Ninety-three confirmed or probable cases of blastomycosis have been identified in Michigan’s Delta and Menominee counties, according to the local health department, and they are believed to be associated with a paper mill in the town of Escanaba.
Blastomycosis is caused by a fungus, Blastomyces, that lives in the environment, especially in moist soil and decomposing matter like wood or leaves, according to the US Centers for Disease Control and Prevention. It is predominantly found in the Midwest and the South, particularly around the Ohio and Mississippi rivers and the Great Lakes.
There are only one or two cases per 100,000 people each year in states where blastomycosis is a reportable condition, according to the CDC. One analysis found 1,216 deaths related to the illness from 1990 to 2010.
People can breathe in these microscopic fungal spores, and although most of them won’t get sick, some will develop symptoms like a fever or cough between three weeks and three months later, the CDC says. Other symptoms may include chest pain, trouble breathing, night sweats, fatigue, weight loss, and muscle or joint pain, according to Public Health Delta & Menominee Counties. In rare cases, the infection can spread outside the lungs to places like the skin, bones, brain and spinal cord.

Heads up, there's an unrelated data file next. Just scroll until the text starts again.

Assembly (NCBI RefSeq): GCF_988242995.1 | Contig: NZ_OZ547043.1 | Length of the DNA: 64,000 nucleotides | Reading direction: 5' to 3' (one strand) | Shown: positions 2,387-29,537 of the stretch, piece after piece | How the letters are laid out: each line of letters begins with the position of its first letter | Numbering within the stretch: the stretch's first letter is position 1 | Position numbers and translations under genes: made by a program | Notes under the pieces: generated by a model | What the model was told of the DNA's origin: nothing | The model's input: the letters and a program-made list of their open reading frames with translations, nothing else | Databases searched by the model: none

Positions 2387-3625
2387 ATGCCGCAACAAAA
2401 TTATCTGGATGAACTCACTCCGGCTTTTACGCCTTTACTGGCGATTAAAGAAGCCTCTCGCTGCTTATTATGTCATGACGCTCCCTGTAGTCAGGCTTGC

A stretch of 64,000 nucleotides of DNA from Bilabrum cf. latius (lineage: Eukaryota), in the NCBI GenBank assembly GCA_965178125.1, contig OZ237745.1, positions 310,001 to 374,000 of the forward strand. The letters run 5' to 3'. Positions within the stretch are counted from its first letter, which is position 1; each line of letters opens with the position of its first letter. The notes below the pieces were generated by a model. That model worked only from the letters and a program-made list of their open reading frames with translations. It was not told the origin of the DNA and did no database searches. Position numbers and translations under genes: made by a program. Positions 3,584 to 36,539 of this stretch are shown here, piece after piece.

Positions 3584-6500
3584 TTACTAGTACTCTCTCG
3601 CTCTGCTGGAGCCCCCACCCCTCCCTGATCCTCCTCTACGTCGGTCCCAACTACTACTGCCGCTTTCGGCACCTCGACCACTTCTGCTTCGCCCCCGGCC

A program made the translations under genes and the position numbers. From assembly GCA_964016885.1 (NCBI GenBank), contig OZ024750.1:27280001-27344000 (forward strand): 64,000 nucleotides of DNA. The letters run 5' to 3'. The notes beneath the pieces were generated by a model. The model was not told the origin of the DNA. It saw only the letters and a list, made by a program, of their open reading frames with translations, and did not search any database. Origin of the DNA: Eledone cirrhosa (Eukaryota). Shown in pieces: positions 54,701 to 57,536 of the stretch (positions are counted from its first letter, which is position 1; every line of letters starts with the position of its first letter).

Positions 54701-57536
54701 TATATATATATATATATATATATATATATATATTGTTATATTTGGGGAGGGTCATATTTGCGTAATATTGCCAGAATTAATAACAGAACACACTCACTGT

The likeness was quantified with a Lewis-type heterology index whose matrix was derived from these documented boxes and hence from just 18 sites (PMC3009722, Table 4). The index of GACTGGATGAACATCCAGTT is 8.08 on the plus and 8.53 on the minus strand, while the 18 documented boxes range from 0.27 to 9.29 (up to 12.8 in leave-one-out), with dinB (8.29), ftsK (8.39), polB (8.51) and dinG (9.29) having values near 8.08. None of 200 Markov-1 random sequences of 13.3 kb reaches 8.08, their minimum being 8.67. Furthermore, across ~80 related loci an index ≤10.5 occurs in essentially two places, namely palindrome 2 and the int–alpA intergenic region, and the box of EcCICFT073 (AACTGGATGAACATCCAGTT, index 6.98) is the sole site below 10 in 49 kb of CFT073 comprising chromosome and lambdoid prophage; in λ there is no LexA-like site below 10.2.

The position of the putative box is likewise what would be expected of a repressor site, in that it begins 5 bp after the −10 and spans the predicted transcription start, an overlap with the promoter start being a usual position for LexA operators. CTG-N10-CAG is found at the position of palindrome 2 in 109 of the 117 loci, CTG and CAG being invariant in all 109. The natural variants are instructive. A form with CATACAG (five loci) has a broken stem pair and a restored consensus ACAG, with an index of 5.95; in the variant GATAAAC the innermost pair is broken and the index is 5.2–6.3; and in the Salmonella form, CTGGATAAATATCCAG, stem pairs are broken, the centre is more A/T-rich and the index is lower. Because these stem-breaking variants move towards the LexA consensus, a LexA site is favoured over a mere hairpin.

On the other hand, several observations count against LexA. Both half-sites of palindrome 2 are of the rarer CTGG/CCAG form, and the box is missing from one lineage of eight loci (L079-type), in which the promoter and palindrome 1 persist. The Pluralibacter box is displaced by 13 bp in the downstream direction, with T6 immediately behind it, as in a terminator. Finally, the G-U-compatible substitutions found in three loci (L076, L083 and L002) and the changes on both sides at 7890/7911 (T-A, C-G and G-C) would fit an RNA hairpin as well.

Blastomycosis does not spread from person to person. It’s treated with antifungal medication that must be taken for a period ranging from six months to a year, depending on the severity of the illness and the person’s overall health.
Nineteen of the cases linked with Escanaba Billerud Paper Mill have been confirmed by culture or microscope, and the other 74 are probable, meaning the person has symptoms of blastomycosis and a positive antigen or antibody test, the health department says.
“Although the source of the infection has not been established, we continue to take this matter very seriously and are following recommendations from health and government officials and implementing numerous, proactive steps to protect the health and safety of our employees, contractors and visitors,” Billerud Escanaba Mill Operations Vice President Brian Peterson said in a statement from the health department.